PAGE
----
Briefings: Downriver, as Everywhere, State & Local Gov’t Seek Uncle Sam’s Help…
HARTFORD—Connecticut was among the first places that took COVID-19 in the gut last spring. The fears of variants haunt everyone here as well. However, the state has become a model for coronavirus response, becoming a leader in testing and vaccination. However, like countless other places the pandemic has laid waste of state and local budgets, underpinning President Joe Biden call for aid.
Compared to last month, when Republicans blocked such monies, Democrats probably have the votes to force through funding. Still, Connecticut’s Senators Richard Blumenthal and Chris Murphy came to City Hall here on Friday to make the case for direct state and local relief. Connecticut Speaker of the House Matthew Ritter and the mayor here, Luke Bronin, flanked them to boost the pitch.
Biden’s $1.9 trillion proposal includes $350 billion for state and local governments. A funding formula would distribute it to states. Cities Hartford or Springfield’s size might receive some funding directly, but smaller cities would received funds as pass-throughs from the state.
In part because it has held off the virus’ resurgence and stayed relatively open, Connecticut is not in as bad of shape as some states fiscally. Officials here released no figures, but Bronin pointed to longer-term risks like commercial property values. The pandemic could undermine the office market for years. Like Springfield, its twin city upriver & across the border, Hartford has suffered years of property value decline that had seemed to crest before the pandemic.
Because cities like Hartford and Springfield receive the lion’s share of their own revenue—as opposed to direct states assistance—from property taxes, the pandemic has not interrupted their revenue streams as directly.
For example, Springfield has recorded about a $7.5 million deficit in its current fiscal year that began July 1. Of that, less than $3 million is due to lost revenue. Springfield’s budget is in excess of $700 million. However, last year Springfield budget officials warned the current course was not sustainable without federal help.
However, Bronin and Ritter both noted the expenses state and local governments have undertaken since the pandemic began. Ritter, whose House district is anchored in Hartford, pushed back on Republican claims that states and localities would pay down debt or long-term liabilities.
Murphy suggested that schools in may need to invest considerably over the summer to reacclimate students or catch them up to speed before much more normal schooling could begin in the fall. Senator Blumenthal noted that the impact fell largely on the students of color in more distressed communities like Hartford.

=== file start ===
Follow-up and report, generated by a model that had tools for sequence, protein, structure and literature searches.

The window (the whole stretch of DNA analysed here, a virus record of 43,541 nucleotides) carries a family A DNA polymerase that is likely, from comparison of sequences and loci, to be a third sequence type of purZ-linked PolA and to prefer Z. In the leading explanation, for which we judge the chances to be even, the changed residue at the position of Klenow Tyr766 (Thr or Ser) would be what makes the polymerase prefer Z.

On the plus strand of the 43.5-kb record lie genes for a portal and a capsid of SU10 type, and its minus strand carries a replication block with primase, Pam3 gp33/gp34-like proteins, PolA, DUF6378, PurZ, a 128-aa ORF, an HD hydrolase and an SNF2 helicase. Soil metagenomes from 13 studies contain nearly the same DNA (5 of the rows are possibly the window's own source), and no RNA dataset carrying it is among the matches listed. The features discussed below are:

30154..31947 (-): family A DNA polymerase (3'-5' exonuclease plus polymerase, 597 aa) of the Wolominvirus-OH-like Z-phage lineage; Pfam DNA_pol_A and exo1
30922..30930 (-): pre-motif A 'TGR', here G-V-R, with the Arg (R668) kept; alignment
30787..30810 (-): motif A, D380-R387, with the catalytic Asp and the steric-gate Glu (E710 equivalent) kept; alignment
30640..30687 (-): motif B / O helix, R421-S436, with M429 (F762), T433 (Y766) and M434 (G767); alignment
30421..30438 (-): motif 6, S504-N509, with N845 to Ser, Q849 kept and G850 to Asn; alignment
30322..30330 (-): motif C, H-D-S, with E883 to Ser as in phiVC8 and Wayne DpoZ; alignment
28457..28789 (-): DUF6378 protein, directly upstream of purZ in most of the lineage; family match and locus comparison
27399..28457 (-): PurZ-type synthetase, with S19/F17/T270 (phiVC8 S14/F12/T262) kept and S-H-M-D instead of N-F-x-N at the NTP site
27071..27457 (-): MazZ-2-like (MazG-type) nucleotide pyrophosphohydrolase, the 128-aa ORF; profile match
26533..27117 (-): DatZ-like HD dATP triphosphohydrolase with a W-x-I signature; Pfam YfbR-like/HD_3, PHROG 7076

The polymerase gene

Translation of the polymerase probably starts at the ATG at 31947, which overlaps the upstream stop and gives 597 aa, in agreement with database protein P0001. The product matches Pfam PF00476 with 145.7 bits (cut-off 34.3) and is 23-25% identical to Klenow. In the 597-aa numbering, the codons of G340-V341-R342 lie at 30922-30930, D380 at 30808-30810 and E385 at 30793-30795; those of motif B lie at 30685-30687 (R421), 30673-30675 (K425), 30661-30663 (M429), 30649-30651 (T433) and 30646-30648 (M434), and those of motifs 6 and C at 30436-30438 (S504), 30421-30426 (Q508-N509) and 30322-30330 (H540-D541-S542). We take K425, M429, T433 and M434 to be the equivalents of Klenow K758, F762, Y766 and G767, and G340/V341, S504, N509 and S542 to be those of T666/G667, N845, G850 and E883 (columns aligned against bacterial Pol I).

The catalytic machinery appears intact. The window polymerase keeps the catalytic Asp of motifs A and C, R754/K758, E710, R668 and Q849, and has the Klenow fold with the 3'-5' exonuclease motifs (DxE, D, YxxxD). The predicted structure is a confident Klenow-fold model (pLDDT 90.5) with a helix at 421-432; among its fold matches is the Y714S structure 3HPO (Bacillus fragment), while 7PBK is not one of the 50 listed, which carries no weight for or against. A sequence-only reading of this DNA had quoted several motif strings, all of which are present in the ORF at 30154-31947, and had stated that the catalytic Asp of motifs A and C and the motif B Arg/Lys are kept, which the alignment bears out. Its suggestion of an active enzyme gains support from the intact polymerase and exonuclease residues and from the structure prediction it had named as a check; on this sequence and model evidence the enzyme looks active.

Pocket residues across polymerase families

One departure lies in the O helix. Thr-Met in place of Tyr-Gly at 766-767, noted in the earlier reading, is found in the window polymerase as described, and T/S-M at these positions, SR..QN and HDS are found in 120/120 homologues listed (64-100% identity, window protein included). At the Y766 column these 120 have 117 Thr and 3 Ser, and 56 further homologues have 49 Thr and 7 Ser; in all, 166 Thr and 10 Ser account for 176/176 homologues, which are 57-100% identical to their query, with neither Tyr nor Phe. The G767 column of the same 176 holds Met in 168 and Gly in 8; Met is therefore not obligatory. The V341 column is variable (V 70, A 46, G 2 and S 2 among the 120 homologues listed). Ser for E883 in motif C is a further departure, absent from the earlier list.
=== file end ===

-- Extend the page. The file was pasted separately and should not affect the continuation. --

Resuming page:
Democrats in Washington have advocated for help to state and local government since the House passed what was to be the second major COVID response bill—two preceding ones were just refunding the original CARES Act. At that time, the full impact of the pandemic was not yet clear.
Since then, the United States has emerged somewhat better than elsewhere in the West. States are no different. With the job losses borne disproportionately at the lower end of tax brackets and Wall Street flying high—if pre-Gamestop—state coffers have recovered more than expected. However, many gaps remain and the uncertain reigns over budgets.
Connecticut might record a surplus this year, but Massachusetts plugged its very late budge with savings. However, this does not account for a long tail of COVID-related costs that Ritter noted. Both states project big deficits come next fiscal year. The schism between New England’s first and second largest states also illustrates a broader problem nationwide. Some states are hurting considerably more due to the depth of the pandemic. Restrictions put in place to constrain it have often magnified the impact.
Murphy said more state and local jobs had already been lost than in the entirety of the Great Recession. In addition to diminishing services, such job losses can weigh down the economy. That in turn can undermine recovery once vaccinations are underway and widespread.
Should Republicans decline to come on board, Blumenthal and Murphy, reasonably, had clear consciences about using reconciliation to enact relief. Reconciliation is a budgetary tactic that allows the Senate to pass appropriation legislation without concern for a filibuster. Republicans have condemned talk of using the tactic as partisan.
At City Hall, Blumenthal wryly noted that the GOP used reconciliation to pass gargantuan tax cuts in 2017. The legislation largely benefited corporations and the wealthy.
In an interview with HuffPost earlier this week, Murphy offered a more succinct reply to Republican bellyaching on reconciliation.
“Cry me a river,” he told the online news site.